How to compute the likelihood function based on kernel density estimation results?

Hi, I have been working on a simple recursive bayesian update example. The idea is to keep update my model whenever new observations come in and it can be from different distributions. Given some historical data z_1, z_2,\ldots z_k, I am interested in the following thing given a new observation z_{k+1}:

p(z_1, z_2, \ldots. z_{k+1} \propto p(z_{k+1} | x) p(x|z_1, \ldots z_k)

Where p(z_{k+1} | x) is the likelihood function with mean value at z_{k+1} while
p(x|z_1, \ldots z_k) is prior.

So the first step I am trying to figure out is how to write a custom likelihood function based on the results from Kernel density estimation.

Here is my code:

``````# 50 samples from N(20,2). Lets assume this is our historical data
s1 = np.random.normal(20, 2, 50)

# This is the custom prior from the tutorial that makes me be able to learn the prior from KDE results

def from_posterior(param, samples):
smin, smax = np.min(samples), np.max(samples)
width = smax - smin
x = np.linspace(smin, smax, 100)
y = stats.gaussian_kde(samples)(x)
x = np.concatenate([[x[0] - 3 * width], x, [x[-1] + 3 * width]])
y = np.concatenate([[0], y , [0]])
return Interpolated(param, x, y)

# Here is my own likelihood function
samples = s1
smin, smax = np.min(samples), np.max(samples)
width = smax - smin
kde = stats.gaussian_kde(samples)
x = np.linspace(smin, smax, 100)
y = kde(x)
x = np.concatenate([[x[0] - 3 * width], x, [x[-1] + 3 * width]])
y = np.concatenate([[0], y , [0]])
m = np.sum(x* y/np.sum(y))

def likelihood(samples, m, mu, x):
kde = stats.gaussian_kde(samples)
l = kde(x - m + mu)
return l

# pymc3 sampling. Given a new observation, say s1[0] again for simplicity purpose, I want to update my posterior. That is to say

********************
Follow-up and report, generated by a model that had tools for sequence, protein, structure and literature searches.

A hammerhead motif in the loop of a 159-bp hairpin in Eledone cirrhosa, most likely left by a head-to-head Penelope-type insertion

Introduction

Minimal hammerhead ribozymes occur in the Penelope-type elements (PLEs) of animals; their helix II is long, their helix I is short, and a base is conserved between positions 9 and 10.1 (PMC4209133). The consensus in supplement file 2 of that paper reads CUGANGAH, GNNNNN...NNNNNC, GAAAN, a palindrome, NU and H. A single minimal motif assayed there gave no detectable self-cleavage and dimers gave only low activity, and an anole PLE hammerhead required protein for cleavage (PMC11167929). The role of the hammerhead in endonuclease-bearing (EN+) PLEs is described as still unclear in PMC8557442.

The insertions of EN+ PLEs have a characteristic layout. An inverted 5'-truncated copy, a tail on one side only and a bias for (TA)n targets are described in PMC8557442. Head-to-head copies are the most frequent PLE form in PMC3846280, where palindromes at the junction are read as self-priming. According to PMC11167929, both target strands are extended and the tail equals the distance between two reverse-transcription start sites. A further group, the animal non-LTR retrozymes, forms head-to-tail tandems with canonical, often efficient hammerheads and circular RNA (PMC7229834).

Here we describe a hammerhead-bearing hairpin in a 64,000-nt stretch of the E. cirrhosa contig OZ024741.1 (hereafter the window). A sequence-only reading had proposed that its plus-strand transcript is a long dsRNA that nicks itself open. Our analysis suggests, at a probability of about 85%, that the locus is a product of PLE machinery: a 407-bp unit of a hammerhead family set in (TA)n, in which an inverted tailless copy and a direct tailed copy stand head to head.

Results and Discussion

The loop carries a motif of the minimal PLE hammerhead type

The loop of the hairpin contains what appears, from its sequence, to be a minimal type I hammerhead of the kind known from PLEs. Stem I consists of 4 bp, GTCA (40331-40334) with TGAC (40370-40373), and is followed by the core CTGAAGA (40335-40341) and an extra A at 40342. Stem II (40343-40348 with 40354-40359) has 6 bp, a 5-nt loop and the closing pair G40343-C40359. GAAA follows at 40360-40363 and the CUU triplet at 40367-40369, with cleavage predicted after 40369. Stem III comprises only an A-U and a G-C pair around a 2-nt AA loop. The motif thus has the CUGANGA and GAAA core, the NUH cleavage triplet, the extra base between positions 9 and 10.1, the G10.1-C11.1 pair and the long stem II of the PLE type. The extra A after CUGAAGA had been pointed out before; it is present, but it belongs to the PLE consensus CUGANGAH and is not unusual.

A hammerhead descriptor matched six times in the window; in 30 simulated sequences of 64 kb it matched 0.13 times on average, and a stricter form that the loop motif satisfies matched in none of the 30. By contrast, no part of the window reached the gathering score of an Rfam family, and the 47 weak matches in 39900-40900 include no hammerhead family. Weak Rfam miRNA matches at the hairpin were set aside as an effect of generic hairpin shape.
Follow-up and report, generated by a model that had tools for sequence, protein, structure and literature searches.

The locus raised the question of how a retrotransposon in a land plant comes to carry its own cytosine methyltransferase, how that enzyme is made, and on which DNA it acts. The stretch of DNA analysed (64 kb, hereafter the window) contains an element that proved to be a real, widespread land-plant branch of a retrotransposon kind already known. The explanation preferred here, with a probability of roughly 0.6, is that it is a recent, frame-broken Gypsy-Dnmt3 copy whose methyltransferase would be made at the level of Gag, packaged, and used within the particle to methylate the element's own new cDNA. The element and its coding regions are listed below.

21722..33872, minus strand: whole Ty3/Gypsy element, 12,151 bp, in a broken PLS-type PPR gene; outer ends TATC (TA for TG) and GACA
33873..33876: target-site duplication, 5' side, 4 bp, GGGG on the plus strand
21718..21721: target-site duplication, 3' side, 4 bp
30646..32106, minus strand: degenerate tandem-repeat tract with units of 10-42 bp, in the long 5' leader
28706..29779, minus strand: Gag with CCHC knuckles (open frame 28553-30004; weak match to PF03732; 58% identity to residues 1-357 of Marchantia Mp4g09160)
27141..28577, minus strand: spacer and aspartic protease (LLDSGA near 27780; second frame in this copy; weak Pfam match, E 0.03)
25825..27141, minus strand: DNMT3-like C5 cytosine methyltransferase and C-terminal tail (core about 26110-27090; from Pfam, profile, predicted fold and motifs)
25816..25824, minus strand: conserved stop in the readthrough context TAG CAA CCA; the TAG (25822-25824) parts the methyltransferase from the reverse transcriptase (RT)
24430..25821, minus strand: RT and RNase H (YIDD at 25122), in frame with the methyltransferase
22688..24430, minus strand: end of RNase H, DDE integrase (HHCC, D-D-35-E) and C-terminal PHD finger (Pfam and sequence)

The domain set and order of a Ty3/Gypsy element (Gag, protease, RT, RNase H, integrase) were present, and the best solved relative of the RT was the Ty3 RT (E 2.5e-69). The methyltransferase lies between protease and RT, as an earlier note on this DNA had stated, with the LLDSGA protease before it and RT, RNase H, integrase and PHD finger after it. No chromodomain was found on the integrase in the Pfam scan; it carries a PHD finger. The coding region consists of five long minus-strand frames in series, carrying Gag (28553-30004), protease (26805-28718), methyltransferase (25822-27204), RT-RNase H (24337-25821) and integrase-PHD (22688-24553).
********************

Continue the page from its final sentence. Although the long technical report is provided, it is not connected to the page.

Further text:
#p(x|z_1,â€¦z_{k+1})  =  p(z_{k+1| x} p(x| z_1,â€¦z_k}
#Where p(x| z_1,â€¦z_k} is prior and p(z_{k+1| x}  is likelihood function.  The resson why I do x-m +mu in my likelihood function is to make sure my likelihood functionâ€™s expected value is at the observed value.

basic_model = Model()
with basic_model:
mu = from_posterior("mu", s1)
#Y_obs = Normal("Z", mu = mu, observed = s1[0])
Y_obs = pm.Potential("observed likelihood", likelihood(s1, m, mu, s1[0]))
trace = sample(1000)
``````

I always got error like

Traceback (most recent call last):
File â€śâ€ť, line 4, in
File â€śâ€ť, line 3, in likelihood
File â€ś/Library/Frameworks/Python.framework/Versions/3.9/lib/python3.9/site-packages/scipy/stats/kde.pyâ€ť, line 241, in evaluate
output_dtype = np.common_type(self.covariance, points)
File â€ś<array_function internals>â€ť, line 180, in common_type
File â€ś/Library/Frameworks/Python.framework/Versions/3.9/lib/python3.9/site-packages/numpy/lib/type_check.pyâ€ť, line 764, in common_type
raise TypeError(â€ścanâ€™t get common type for non-numeric arrayâ€ť)
TypeError: canâ€™t get common type for non-numeric array

But if I remove the kde(x-m+mu) line it will get rid of the error.
Can anyone give me some hints about this issues? Or any other suggestions working on similar problem is appreciated as well.

1 Like

Welcome!

This error likely results from passing tensor arguments to `stats.gaussian_kde()` which doesnâ€™t know what to do with the data type. Thatâ€™s why the example uses `pm.Interpolated` to reconstruct the parameters and then uses a full-fledged pymc distribution (e.g., `pm.Normal`) for the observed parameter. Is there something in that example that isnâ€™t what you need?

1 Like

The from_posterior indeed works for any prior. However, I am not sure how to use it on the likelihood computation. We need observed part and unobserved part (this can be solved by using the pm.potential) but the return value is a number which is not same as the one returned by the Interpolated

For example, this example:
https://discourse.pymc.io/t/how-to-set-up-a-custom-likelihood-function-for-two-variables/906
provided a good answer how to use any blackbox likelihood function but it does not cover the case that computes the likelihood function based on some empirical density function estimated by KDE.

I think either I missed the part that how to work more with the interpolated function or something else. I have been searching around for hours but do not have luckâ€¦ After trying for several hours, I think your sense on where the error is is correct. I think the mu that picked in the instance contains two parts, which is value and name, which makes KDE does not know how to deal with this case (it can only deal with number, not something working like a dict with two attributes). The return value from KDE needs to contain two parts as well, it can not be simply a raw number since in the model instance it require to have 2 attributes.

Could you give me some suggestions to modify my likelihood function so that it works with KDE and interpolated()?